Hold Your Horses, I’ll Get To It
Samuel Colt Memorial
Wethersfield Avenue, near Armsmear, Hartford
The Colt Memorial Statue overlooking Colt Park next to Armsmear (Colt’s home) within Coltsville, a National Historic Landmark (CTMQ report here) is one of the more unique pieces of statuary in the state. Firstly, it is officially part of the National Historic Landmark, even though it’s not a building. That counts for something.
But more importantly, it serves as a lasting legacy of Samuel Colt, arguably one of the most important Hartfordites since Thomas Hooker. The statue is as much about Sam as it is about his wife, Elizabeth. Sam and Elizabeth changed the world around them, shaping an environment that clearly echoes their presence to this day.
Elizabeth had few equals in her generation who were more determined and able to create memorials. There was the Colt Memorial “Church of the Good Shepherd,” the “Caldwell Colt Memorial House,” this “Colt Memorial Statue,” “Colt Memorial Park,” the “Colt Memorial Annex” of the Wadsworth Atheneum, and Armsmear, and the “Colt Memorial” biography of Sam Colt. Each of these projects were both acts of remembrance and works of art involving nationally renowned, artists, writers, and architects.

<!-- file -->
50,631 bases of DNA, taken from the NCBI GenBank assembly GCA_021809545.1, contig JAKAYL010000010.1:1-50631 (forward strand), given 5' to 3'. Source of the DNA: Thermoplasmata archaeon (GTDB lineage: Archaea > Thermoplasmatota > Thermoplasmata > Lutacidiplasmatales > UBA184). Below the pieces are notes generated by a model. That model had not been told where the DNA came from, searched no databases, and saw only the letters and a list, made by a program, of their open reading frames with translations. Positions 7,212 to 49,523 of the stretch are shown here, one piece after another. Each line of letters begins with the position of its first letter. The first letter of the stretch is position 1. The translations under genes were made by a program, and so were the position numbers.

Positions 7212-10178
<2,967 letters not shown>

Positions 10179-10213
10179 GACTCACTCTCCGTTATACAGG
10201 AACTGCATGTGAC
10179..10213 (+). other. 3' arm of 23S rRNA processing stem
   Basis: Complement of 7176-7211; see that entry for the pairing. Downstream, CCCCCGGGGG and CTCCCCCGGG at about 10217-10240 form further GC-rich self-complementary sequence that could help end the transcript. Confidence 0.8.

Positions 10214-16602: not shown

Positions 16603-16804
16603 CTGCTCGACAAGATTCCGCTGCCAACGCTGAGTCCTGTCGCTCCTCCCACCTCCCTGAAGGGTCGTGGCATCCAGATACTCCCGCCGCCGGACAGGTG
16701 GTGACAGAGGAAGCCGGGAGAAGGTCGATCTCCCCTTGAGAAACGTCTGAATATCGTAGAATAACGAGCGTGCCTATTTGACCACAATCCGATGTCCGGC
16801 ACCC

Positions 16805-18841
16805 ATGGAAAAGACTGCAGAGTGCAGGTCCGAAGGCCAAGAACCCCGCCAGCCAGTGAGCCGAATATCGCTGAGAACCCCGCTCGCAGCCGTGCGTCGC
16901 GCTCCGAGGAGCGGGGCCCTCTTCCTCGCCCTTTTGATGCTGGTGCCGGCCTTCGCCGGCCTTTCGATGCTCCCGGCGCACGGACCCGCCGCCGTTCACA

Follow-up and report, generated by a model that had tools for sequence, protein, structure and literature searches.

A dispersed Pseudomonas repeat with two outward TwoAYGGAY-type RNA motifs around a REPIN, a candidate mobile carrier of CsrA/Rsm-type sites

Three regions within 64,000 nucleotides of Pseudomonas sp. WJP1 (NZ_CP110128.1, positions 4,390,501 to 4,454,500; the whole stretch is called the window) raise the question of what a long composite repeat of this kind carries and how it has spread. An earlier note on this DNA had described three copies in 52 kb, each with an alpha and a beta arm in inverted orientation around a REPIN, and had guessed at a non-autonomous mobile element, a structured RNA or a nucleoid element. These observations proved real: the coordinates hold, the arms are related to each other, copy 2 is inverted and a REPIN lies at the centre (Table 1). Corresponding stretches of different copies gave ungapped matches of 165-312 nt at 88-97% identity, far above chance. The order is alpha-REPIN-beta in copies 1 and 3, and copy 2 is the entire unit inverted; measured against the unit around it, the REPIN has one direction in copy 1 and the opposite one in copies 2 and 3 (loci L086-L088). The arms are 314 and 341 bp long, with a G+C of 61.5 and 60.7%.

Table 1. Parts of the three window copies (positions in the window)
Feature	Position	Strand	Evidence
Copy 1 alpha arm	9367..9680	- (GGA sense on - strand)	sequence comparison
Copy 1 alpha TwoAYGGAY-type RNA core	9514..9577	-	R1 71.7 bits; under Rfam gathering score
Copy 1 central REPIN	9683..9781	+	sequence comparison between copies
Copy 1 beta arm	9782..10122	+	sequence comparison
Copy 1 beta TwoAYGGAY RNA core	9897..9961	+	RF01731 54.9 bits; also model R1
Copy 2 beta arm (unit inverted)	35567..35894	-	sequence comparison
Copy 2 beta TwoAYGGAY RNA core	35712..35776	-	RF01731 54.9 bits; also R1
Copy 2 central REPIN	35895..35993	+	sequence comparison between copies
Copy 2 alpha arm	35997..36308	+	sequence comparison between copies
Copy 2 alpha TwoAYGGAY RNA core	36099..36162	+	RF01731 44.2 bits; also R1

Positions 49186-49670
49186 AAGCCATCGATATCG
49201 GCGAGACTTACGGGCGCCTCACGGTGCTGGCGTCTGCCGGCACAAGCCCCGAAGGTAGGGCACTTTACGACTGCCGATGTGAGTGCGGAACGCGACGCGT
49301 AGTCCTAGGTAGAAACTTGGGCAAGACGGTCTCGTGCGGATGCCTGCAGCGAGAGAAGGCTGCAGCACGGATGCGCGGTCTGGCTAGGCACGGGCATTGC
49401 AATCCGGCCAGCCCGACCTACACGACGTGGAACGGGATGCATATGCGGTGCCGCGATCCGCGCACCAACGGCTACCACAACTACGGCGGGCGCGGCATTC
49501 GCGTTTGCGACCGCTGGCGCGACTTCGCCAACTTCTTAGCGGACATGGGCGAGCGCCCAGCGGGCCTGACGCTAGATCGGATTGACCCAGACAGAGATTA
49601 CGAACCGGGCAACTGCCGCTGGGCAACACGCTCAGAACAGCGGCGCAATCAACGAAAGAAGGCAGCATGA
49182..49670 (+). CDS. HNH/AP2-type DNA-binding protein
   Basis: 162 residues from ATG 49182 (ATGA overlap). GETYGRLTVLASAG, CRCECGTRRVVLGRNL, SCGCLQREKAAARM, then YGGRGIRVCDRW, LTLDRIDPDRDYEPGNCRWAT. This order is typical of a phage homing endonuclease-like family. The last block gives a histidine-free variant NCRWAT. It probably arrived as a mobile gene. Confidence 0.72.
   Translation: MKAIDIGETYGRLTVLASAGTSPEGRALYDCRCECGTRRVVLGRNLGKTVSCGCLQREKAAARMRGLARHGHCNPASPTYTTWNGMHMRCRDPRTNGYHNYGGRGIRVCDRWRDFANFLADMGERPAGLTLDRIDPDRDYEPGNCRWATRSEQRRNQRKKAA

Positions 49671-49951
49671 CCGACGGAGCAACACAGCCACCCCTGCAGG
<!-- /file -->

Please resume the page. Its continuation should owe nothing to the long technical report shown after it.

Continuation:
The memorial statue is interesting because it depicts two Sam Colts – the young boy genius and the older business magnate. As a child, Colt used to travel on ships to various points around the world. On one trip, the accepted story goes, Colt was whittling on a piece of driftwood as he watched the ships wheel click as it went around. This inspired him to envision the chambers of what became the world-famous Colt revolver, which he first whittled on one of those ships.
Two large tablets are seen – Colt meeting the Russian Czar and another demonstrating his revolver in the British House of Commons, both in 1854. The older Colt stands above an inscription that reads, rather stiltedly, “On the grounds which his tastes beautified by the home he loved this memorial stands to speak of his genius, his enterprise and his success and of his great and loyal heart.”
Well, let’s hope that others’ genius and enterprise make Coltsville what it should be: A preserved historic gem on the order of a National Park.